Andrew Rosindell, MP for Romford in Essex, is campaigning for all residents of British Overseas Territories (BOT) – estimated population 265,000 as of last year – to get their own MPs. And he believes Gibraltar, which is located at the south-eastern tip of Spain, and which as the only such territory in Europe occupies a unique position among the 14 BOTs, should be first in the queue. Gibraltar has been in British hands since the Treaty of Utrecht in 1713, with Spain maintaining a historic claim, and keen to put the issue of sovereignty on the agenda as UK and EU negotiators attempt to thrash out a free trade agreement by the end of the year.
With Gibraltar, the situation is clear
And Mr Rosindell, chairman of the UK’s All-Party Parliamentary Group on the British Overseas Territories in the last Parliament, believes effectively incorporating the Rock into the UK would significantly undercut Madrid’s argument.
Two years ago, 40 percent of the Rock’s 23,000 voters – including Chief Minister Fabian Picardo – signed a petition calling for Westminster representation.
Mr Rosindell told Express.co.uk: “With Gibraltar, the situation is clear.
“It’s also got a big enough population to warrant its own MP – comparable with that of the Western Isles in Scotland.
“Also, it can only be British – if it stops being British, it becomes Spanish.
“It cannot become independent – therefore, Gibraltar will always be tied to Britain.”
With Brexit now a reality, and Madrid pushing to exclude the Rock from any trade deal, Mr Rosindell said he saw little reason for the UK to drag its heels on the issue.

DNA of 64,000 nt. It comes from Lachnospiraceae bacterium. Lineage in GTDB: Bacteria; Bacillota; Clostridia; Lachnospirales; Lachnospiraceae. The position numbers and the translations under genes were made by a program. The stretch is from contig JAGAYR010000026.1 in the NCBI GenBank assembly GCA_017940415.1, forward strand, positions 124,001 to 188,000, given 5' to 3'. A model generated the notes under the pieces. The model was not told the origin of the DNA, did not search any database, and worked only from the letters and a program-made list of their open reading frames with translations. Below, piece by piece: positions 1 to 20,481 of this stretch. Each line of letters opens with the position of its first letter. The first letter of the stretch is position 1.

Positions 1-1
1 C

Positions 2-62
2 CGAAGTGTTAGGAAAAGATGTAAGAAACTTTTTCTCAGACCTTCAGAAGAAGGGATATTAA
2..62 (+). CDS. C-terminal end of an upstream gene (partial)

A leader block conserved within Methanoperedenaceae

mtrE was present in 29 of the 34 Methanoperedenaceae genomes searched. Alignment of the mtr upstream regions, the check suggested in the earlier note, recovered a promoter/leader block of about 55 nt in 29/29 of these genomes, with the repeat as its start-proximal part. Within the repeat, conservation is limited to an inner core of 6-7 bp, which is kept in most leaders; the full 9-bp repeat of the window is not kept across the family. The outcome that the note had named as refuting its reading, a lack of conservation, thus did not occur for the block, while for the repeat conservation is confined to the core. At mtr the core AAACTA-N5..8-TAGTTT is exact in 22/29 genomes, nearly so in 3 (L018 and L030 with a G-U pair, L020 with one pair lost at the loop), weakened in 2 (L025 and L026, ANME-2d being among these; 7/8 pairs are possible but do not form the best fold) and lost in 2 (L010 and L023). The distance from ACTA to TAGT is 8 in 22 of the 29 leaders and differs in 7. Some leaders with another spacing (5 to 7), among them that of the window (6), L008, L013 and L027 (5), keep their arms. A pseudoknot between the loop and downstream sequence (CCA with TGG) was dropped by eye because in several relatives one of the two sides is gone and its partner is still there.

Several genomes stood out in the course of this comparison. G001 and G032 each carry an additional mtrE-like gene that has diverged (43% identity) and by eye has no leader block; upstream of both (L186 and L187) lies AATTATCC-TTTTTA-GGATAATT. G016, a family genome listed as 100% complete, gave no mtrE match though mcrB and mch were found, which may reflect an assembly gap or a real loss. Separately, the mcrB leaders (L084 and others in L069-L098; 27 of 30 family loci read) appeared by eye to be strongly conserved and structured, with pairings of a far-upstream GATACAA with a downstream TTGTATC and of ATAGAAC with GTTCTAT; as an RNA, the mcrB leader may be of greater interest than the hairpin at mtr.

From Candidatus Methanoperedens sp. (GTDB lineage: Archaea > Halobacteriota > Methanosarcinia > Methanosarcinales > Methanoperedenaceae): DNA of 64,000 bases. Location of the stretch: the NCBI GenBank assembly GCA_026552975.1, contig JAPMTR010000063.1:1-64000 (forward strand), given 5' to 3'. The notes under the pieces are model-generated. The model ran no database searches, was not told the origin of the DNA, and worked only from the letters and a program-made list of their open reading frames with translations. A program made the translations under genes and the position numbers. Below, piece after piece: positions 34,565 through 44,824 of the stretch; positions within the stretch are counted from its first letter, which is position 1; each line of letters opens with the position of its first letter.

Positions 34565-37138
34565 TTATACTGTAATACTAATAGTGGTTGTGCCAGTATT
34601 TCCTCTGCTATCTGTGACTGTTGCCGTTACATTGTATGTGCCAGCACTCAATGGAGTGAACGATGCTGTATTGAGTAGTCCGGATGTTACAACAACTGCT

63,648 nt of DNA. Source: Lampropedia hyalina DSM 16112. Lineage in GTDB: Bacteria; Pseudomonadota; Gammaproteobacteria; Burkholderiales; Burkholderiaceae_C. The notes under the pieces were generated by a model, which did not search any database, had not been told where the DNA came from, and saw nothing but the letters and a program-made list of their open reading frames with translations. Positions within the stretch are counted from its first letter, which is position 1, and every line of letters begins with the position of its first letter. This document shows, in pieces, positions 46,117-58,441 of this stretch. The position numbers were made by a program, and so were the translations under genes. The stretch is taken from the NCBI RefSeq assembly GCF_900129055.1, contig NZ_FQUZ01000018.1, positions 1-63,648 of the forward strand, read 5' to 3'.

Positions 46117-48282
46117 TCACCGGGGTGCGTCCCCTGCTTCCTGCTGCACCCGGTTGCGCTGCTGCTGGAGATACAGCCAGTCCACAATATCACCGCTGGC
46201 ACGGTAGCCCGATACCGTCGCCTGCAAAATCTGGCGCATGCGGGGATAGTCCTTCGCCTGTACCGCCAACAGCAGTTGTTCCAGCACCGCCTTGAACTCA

He said: “It could be done straight away by passing an Act of Parliament which I don’t think would be opposed by many MPs.
“And I do think it should happen now.”
With most of the other territories, from the Falklands to St Helena, Bermuda to the Turks and Caicos Islands, the situation was less clear cut, and more complex discussions were needed.
However, Mr Rosindell said: “Gibraltar is different.
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“The vast majority of people support the idea, no question about it.”
There is also a precedent in terms of Gibraltarians enjoying UK representation – prior to the UK’s exit from the EU, Gibraltar elected MEPs to the European Parliament as part of the South West England constituency.
Speaking last month, fellow Tory MP John Penrose also backed the idea of MPs for British Overseas Oerritories, saying: “You would need to give the question of how many MPs representing which islands to the Boundary Commission.
“That’s got to be done independently of politicians and political parties.
“The important thing is the representation is there and it is constitutionally guaranteed.
“It would depend on what the Boundary Commission independently comes up with.”
Speaking at the end of last month, an HM Government of Gibraltar spokesman told Express.co.uk: “Her Majesty’s Government of Gibraltar continues and will continue to explore the possibility of representation for Gibraltar in the Westminster Parliament but in a way that Gibraltar would retain all the constitutional powers that are currently exercised by its own Government and Parliament.”
Gibraltarians have twice demonstrated their commitment to Britain, voting overwhelming to retain ties with the UK in referendums in 1967 and 2003.
Mr Picardo told Express.co.uk last November Gibraltar would always put Britain first, saying: “We have got British blood running through our veins and that’s what matters.”
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